And yes, cross-over vs straight is ethernet 101. You really don't have to elaborate on it. My first networking experience was with coaxial ethernet cable and those damned T-connectors, but I don't go around telling everyone how important it is to use the T connectors and to put terminators on the unused ends.
 

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Well, then if this is the case, and I understand you correctly, he had a broadband modem, which is going to use his ethernet port, and 2 wireless adapters. Then yes, the answer is that he is going to need a wireless router.

Although, you have to admit, it is easy to become confused, he didn't provide alot of info about his setup.

So here's the answer from both perspectives, since he didn't really clarify.

If it's a wired network, you will need either crossover, or a wired router
If it's a wireless network, there is no way around it, you will have to have a wireless router.
 

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If it's a wireless network, there is no way around it, you will have to have a wireless router.
Well he said he was using an ad-hoc setup, you don't really need the router -.-
 

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Jldnr77 said:
Well, then if this is the case, and I understand you correctly, he had a broadband modem, which is going to use his ethernet port, and 2 wireless adapters. Then yes, the answer is that he is going to need a wireless router.

Although, you have to admit, it is easy to become confused, he didn't provide alot of info about his setup.

So here's the answer from both perspectives, since he didn't really clarify.

If it's a wired network, you will need either crossover, or a wired router
If it's a wireless network, there is no way around it, you will have to have a wireless router.
Actually, most wireless cards support an "ad hoc" networking mode that simply creates a network with any peers it finds within its range. Performance is worse (for obvious reasons), but you don't need a wireless router/basestation. That way, he can essentially use one of his computers as a wireless router.

That's what he's been trying to set up.
 

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Discussion Starter #12
True enough, I tried the ping thingy and 100% pack loss resulted. That's strange since on the taskbar, both of the pcs are shown as connected. Would someone be kind enough to write down the steps and I'll start over.

Also, What is this "wireless base"?
 

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Nameless said:
True enough, I tried the ping thingy and 100% pack loss resulted. That's strange since on the taskbar, both of the pcs are shown as connected. Would someone be kind enough to write down the steps and I'll start over.

Also, What is this "wireless base"?
Wireless base station is just the proper name for a wireless router.

Anyway, make sure you don't have anything unnecessary configured, like a network bridge, and make sure you're setting it up without a firewall enabled on the ad hoc network.

You can also manually assigned IP addresses. Just go to the network properties dialog for your wireless cards and double click "Internet Protocol," then give the main computer 192.168.0.1, the other computer 192.168.0.2, and each a subnet mask of 255.255.255.0.

If you still can't ping (192.168.0.1 from 192.168.0.2, or 192.168.0.2 from 192.168.0.1), then I would suggest buying a wireless base station, since Windows XP and some wireless cards out there aren't well suited for creating ad hoc networks. You might also want to search for specific information for your wireless cards and any issues they might have.
 

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Discussion Starter #14
I already have the IPs set manually to those numbers. Is there a way I could get these to work with a router? Or do I have to change my modem?
 

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Here's the big question: Does your modem use ethernet to connect to a PC? If so, you can just buy a wireless base station, hook the modem into it, hook a computer into it via ethernet, configure, then connect to it via wireless.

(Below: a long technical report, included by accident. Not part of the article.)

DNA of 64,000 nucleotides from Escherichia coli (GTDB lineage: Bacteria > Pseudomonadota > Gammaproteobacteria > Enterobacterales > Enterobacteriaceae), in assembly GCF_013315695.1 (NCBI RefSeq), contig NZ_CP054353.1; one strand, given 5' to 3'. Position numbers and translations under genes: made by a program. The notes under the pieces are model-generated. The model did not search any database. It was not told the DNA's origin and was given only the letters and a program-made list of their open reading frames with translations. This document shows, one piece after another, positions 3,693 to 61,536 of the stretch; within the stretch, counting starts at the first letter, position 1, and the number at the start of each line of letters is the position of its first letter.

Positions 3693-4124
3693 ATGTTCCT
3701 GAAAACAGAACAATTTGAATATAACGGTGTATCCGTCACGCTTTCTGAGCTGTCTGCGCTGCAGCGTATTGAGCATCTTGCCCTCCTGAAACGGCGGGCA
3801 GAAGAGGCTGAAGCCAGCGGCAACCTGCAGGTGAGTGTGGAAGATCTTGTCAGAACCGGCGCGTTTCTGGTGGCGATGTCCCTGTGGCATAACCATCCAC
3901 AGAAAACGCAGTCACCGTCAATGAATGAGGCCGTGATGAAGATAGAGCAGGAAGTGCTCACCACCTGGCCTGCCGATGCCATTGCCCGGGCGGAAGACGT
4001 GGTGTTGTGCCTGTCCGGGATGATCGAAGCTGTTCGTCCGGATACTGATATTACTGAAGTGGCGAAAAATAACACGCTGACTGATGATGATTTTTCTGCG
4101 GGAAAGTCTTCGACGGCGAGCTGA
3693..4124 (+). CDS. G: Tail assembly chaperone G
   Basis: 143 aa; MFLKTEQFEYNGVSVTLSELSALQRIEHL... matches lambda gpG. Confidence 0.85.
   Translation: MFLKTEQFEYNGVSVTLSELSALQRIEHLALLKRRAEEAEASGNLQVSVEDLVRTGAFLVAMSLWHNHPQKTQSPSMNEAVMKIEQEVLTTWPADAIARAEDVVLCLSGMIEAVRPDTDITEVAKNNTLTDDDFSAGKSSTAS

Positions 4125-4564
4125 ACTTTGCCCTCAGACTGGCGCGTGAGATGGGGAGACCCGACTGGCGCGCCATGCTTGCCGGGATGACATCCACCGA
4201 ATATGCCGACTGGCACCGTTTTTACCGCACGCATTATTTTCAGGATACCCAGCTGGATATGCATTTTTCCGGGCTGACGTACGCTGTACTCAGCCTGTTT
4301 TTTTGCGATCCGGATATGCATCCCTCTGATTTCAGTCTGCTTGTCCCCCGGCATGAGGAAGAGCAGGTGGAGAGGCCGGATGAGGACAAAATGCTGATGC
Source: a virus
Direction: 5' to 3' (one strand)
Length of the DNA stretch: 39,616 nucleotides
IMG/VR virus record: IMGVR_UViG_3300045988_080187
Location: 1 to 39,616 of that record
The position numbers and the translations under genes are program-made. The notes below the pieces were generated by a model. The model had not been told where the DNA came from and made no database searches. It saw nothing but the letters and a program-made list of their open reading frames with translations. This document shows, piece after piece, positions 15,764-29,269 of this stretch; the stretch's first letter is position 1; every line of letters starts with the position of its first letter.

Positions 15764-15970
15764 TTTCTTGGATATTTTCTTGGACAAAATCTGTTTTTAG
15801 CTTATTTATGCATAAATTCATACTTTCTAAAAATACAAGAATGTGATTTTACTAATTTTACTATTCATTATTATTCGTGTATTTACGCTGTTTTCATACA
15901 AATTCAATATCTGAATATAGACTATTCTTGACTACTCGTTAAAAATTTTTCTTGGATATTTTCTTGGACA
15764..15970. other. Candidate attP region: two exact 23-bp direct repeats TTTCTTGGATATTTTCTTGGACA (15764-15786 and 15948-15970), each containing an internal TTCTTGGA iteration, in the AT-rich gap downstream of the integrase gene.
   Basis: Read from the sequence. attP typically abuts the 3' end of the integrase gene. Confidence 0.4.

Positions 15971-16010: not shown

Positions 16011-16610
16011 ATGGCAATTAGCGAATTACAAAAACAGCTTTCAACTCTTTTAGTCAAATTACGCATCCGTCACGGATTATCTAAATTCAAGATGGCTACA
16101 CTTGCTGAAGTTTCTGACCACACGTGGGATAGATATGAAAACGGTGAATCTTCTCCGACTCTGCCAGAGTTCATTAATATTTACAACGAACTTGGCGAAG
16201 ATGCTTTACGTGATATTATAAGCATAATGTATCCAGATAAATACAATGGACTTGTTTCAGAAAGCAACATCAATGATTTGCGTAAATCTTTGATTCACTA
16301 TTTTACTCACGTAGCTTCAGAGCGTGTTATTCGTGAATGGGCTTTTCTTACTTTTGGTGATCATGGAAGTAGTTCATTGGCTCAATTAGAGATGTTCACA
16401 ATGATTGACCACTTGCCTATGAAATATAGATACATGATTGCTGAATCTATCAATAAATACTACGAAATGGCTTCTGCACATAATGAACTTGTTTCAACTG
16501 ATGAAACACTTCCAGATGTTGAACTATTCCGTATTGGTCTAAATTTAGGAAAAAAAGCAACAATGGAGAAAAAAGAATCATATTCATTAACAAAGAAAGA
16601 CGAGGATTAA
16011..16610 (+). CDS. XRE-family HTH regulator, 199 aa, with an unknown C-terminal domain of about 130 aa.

Just write down the WEP key you end up using.

From there on, it should all be gravy.

Either that, or I'm too used to using wireless in recent versions of Mac OS X with quality hardware.
 

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I've done wireless installs with various hardware. Macs are probably easier, but WinXP SP2 makes wireless setup painless if you are good with PC's, and mildly uncomfortable if you aren't. I've talked people through it on the phone before.

Ramsus K said:
Just write down the WEP key you end up using.
Repeated for emphasis.
 

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Discussion Starter #17
sadly it doesn't :(. Like I said before, from the task bar, the computers are connected. It's just that they can't communicate for some reason. And I'm sure SP2 makes it really easy as it includes a wizard like that one for a wired network....with one jarring exception. You can't use it to create ad_hoc configurations and it always assumes you have an access point. I've done the simple usb procedure in which the settings are stored on a flash key and just transported from pc to pc but they don't even connect that way. Why is that? Is it because it's assuming the presence of an access point?
 

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well, SP2 was designed to make everything "easier," and ad-hoc wireless isn't common. If you set up the ad-hoc connection on one PC windows should detect it (at least it did last time I tried). IF you're not sure how to do this I can upload a picture.

XP SP2 allows for wireless ad-hoc, but you have to configure it manually. Our advice (several times) is to plunk down for a router. If you're just trying to share an internet connection you can get away with wireless "b" and save $30.
 

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Discussion Starter #19
I would get a router but like I said my modem doesn't have an ethernet port. Please upload the image if you can.
 

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If you buy a router, your modem plugs into the router, and then your router plugs into the host pc, so the one ethernet port you have is all you need. Also, I found a netgear wireless router at Best Buy for $30 flat and it was 802.11g. You just have to find a good deal. And it also has a 4 port wired router built in, as well as the wireless ability. But don't worry about having any extra ethernet ports. The cat5 cable from your broadband modem runs into the router, and you run a cat5 cable back out from the router to your host pc, so you should be fine...oh wait...just reread your post. Your broadband modem doesn't have an ethernet port??? Are you freakin kidding me? Let me guess....it uses USB 2.0, right??? Maybe it's time to hit your provider up for a new modem.